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The Tzohar Rabbinical Organization, an Israeli group of hundreds of volunteer religious Zionist rabbis, issued the following statement in response to Thursday’s landmark decision of the Israeli Supreme Court. The decision established that private conversions, even those performed outside the auspices of the Israeli Chief Rabbinate, will be recognized as legally binding and converts who undergo such conversions will be accepted as Jewish under Israel’s Law of Return.

“We have always worked to ensure that conversion performed under normative Jewish law (halakha) is made possible for all those who genuinely seek it out and with the hope that this decision will make that process easier, it should be commended,” the Tzohar statement went. “We look forward to more extensively reviewing and understanding the implications of this court decision with the full confidence that it will assist many thousands of people as they undertake this most fulfilling path of conversion.”

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JNi inquired with Tzohar whether they were concerned about the other ramifications of the new ruling regarding the new legitimacy of Reform and Conservative conversions in Israel. Reform Rabbi Gilad Kariv, head of the Reform movement in Israel, has said that “the High Court decision determines unambiguously that there exists more than one way to convert in the State of Israel, and that a conversion which is conducted in a Jewish community in Israel belonging to one of the Jewish denominations would be recognized as valid.”

“We expect the government of Israel to declare based on the ruling its full recognition of the Reform conversion being carried out in Israel, just as it has recognized these conversions in diaspora. This is a holiday for anyone who believes that the unity of the Jewish people will come through mutual respect and religious tolerance, and through the State of Israel’s recognition of all the colors and circles of the Jewish nation,” Kariv stated.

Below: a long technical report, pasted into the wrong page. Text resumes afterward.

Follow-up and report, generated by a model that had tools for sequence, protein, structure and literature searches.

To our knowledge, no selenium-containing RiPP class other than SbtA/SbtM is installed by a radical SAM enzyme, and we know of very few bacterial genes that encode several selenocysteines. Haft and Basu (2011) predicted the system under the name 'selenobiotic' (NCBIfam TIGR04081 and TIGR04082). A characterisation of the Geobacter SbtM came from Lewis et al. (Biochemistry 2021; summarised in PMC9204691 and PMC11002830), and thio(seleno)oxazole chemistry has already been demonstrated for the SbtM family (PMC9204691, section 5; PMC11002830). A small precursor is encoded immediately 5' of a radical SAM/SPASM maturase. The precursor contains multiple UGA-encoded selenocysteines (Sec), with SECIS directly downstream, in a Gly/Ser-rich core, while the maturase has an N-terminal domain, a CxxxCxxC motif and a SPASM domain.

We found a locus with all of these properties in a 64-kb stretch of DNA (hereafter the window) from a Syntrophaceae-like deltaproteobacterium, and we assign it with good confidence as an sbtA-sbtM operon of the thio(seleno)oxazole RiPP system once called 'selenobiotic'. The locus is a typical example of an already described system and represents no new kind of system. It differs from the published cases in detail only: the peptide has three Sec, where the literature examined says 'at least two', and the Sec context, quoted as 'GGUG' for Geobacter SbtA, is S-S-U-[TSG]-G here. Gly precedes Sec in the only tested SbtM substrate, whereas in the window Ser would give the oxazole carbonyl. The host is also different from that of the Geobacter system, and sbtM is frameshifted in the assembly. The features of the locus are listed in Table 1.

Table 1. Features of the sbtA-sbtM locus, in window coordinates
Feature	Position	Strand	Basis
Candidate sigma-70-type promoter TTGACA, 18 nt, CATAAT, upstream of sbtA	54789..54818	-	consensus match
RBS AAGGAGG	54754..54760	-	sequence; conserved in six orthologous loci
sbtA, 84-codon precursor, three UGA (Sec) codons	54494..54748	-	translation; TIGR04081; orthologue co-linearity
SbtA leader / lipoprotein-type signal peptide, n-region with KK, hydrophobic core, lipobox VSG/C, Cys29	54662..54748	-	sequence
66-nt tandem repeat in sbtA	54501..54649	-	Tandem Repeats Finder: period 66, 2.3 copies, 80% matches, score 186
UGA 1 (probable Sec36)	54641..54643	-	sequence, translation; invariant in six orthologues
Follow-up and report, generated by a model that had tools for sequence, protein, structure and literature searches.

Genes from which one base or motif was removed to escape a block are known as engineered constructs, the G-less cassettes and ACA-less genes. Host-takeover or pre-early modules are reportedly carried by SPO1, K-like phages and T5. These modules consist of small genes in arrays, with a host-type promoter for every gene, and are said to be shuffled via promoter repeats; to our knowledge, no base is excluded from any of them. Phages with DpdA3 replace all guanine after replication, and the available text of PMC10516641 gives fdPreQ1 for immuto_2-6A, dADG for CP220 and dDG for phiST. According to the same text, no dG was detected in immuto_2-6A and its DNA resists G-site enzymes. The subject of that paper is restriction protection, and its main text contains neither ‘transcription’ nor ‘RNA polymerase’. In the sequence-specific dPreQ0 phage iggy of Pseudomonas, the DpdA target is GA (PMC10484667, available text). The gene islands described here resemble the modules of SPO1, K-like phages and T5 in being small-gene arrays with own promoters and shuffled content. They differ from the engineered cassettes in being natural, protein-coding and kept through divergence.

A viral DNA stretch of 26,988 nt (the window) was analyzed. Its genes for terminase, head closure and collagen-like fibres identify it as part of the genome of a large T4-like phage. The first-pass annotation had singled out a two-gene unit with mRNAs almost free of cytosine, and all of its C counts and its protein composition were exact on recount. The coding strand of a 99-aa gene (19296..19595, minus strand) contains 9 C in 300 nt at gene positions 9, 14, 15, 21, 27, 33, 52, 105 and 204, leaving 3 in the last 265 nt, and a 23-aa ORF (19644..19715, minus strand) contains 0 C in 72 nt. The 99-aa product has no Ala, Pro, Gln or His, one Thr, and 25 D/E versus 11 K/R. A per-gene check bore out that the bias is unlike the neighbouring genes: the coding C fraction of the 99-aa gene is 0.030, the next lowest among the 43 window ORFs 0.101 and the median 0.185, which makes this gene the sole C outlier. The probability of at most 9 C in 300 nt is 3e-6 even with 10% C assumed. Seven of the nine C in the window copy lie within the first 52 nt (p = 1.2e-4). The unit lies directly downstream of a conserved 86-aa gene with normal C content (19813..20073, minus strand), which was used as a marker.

Tzohar told JNi that the new ruling came as the result of the insistence of those who acted with all their power to cancel the halakhic conversions which were done by local rabbis, and which Tzohar acted to make legal in the previous coalition government.

The implication is that had the haredi parties left well enough alone, the high court would not have made its ruling which now makes conversions inseparable from the Law of Return. Now that they did, the haredim have only themselves to blame.

Of course, the Thursday ruling remedied rejections of the petitioners that had taken place years before the Tzohar rabbis’ introduction of conversions by local community rabbis, so pinning the blame on the current haredi coalition partners is a stretch. Still, all three religious parties in the current coalition better figure out a way to set rabbinic halakha as the only legitimate foundation for conversions in Israel, before the threat of Reform conversions becomes a reality and a precedence.

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